IIF on rat bladder was done in 3 patients which showed intercellular “fish-net” fluorescence [Table 2]. Immunoblotting was unavailable in our center and desmoglein levels were not elevated in any of our patients. Three patients with CD and one with thymoma had positive ANA, of whom one was classified as SLE (Case-1), 2 patients (CD-1, thymoma-1) had high anti-dsDNA antibodies and Case-1 had positive anti-tissue transglutaminase antibodies.

Relevant imaging revealed mediastinal mass (3/8), cervical mass extending into superior mediastinum (1/8) [Figure 1]e and retroperitoneal mass (3/8), and the patient with NHL had a conglomerate nodal mass in the peripancreatic, paraaortic and paraceliac region.

Treatment and prognosis

All patients received high dose of systemic steroids ranging from 1 mg to 2 mg/kg for disease control. Case-1 with CD and SLE overlap received methotrexate as a steroid sparing agent. The neoplastic mass was surgically resected in 6/8 patients (CD-4, thymoma-2) and the patient with NHL received R-CHOP (rituximab, cyclophosphamide, vincristine, adriamycin, and prednisolone) chemotherapy. Among the 6 patients who had excision, 2 were operated elsewhere: CD-1, thymoma-1. One patient with CD declined surgical resection and was lost to follow-up. The follow-up period ranged from 1 to 112.5 months (mean, 23.6 months) with a mortality rate of 12.5%. There was a significant clinical improvement [Figure 1]f and [Figure 1]g following the removal of the mass, and systemic steroid was tapered and stopped post-operatively over 10-12 months. The combination of medical management with complete surgical resection led to a better prognosis. Case-4 with NHL and bronchiolitis obliterans was planned for autologous stem cell transplant; but he died 20 months after diagnosis [Table 2].

   Discussion Top

In this study, we described the clinical profile of patients with PAMS presenting to a tertiary care center in India and compared it with literature in [Table 3].[9],[10],[11],[12],[13]
Table 3: Comparison of present study with published literature on PAMS

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Given the rarity of the condition, most published studies are retrospective.[9],[10],[11],[12],[13] Despite PAMS being uncommon in children,[14] we had two children with CD associated PAMS. The most common malignancy associated with PAMS is NHL (38.6%) followed by chronic lymphocytic leukemia (18.4%), CD (18.4%), and thymoma (5.5%).[5] However, CD was the most common neoplasm in our study similar to studies from Taiwan[9] and Korea.[12]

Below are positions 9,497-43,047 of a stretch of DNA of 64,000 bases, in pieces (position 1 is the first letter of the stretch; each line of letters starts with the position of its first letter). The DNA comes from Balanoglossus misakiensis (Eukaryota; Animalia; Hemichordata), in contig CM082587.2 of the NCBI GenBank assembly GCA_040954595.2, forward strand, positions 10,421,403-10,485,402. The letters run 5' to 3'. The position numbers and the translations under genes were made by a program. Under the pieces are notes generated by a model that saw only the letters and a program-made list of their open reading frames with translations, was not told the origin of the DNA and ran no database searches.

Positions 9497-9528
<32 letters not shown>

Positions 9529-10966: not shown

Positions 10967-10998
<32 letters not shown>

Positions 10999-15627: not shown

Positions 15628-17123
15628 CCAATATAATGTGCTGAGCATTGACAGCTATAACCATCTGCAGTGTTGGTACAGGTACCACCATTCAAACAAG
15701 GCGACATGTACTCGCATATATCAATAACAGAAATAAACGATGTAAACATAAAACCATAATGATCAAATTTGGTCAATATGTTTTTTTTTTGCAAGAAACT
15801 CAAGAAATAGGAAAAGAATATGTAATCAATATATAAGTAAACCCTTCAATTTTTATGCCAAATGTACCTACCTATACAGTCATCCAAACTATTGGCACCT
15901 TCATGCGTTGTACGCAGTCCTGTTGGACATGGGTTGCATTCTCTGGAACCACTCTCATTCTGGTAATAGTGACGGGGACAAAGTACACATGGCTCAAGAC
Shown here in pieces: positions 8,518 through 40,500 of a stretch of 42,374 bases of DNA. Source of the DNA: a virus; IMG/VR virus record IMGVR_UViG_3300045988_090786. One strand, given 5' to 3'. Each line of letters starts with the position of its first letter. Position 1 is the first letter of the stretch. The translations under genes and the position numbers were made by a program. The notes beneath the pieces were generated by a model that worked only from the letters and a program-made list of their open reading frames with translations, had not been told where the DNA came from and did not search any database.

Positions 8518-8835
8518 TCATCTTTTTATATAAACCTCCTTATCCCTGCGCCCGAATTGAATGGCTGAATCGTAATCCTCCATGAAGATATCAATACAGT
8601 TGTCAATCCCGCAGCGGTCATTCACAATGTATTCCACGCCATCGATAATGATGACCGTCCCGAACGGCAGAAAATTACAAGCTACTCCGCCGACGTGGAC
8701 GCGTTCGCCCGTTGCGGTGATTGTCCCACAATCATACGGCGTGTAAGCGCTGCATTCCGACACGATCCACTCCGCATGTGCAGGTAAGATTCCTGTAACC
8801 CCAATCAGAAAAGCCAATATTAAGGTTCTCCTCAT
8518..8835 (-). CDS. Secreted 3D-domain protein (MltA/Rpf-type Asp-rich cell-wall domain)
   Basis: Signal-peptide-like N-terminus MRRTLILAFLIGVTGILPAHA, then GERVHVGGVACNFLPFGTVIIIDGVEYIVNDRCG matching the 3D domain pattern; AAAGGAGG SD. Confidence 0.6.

The mucocutaneous manifestations were polymorphic, commonest mucosal, and cutaneous presentation were pemphigus-like and LP-like, respectively. Pemphigus-like presentation was common in other studies.[9],[10],[11] LP-like lesions are common in PAMS associated with CD,[2],[15] similar to our study. The patients with thymoma had pemphigus-like mucocutaneous presentation and LP-like mucosal presentation each, which are both reported in PAMS associated with thymoma.[9],[12] PAMS in children often precedes, and is the presenting sign of occult CD, with a lichenoid pattern akin to our cases.[2],[15]

Despite the varied HPE findings, interface dermatitis was consistently seen in all biopsies, as reported by Choi et al.[12] The 3 distinct DIF patterns described by Czernik et al. include: (i) intercellular, “fish-net” or PV-like (ii) linear or pemphigoid-like basement membrane staining, and (iii) homogenous staining of the entire cell.[5] All patients except for Case-4 with NHL, who was on chemotherapy at presentation, had positive DIF and had the first 2 patterns or a combination of both.

Tumour cells cause cytokine dysregulation leading to autoantibody production and induction of cytotoxic autoimmunity.[5] Several studies have proven that autoantibodies against plakins are mainly implicated in the pathogenesis of PAMS. The epitope mapping of Dsg3 and IgG isotype profile of PAMS is distinct from pemphigus vulgaris[16] and association between antibodies to Dsg1 or Dsg3 and clinical phenotype is not established,[10] as in our study.

Castleman's disease is a rare lymphoproliferative disorder, commonly located in the mediastinum or retroperitoneum. CD could be single site or multicentric; hyaline vascular, plasma cell, or mixed based on histology.[2] All our patients with CD had hyaline vascular variant and one developed additional sarcomatous changes. Cells of CD express high levels of IL-6, which is associated with multiple autoimmune phenomena like SLE, Sjögren syndrome, cytopenia, peripheral neuropathy and PAMS,[2] which was evident among our patients.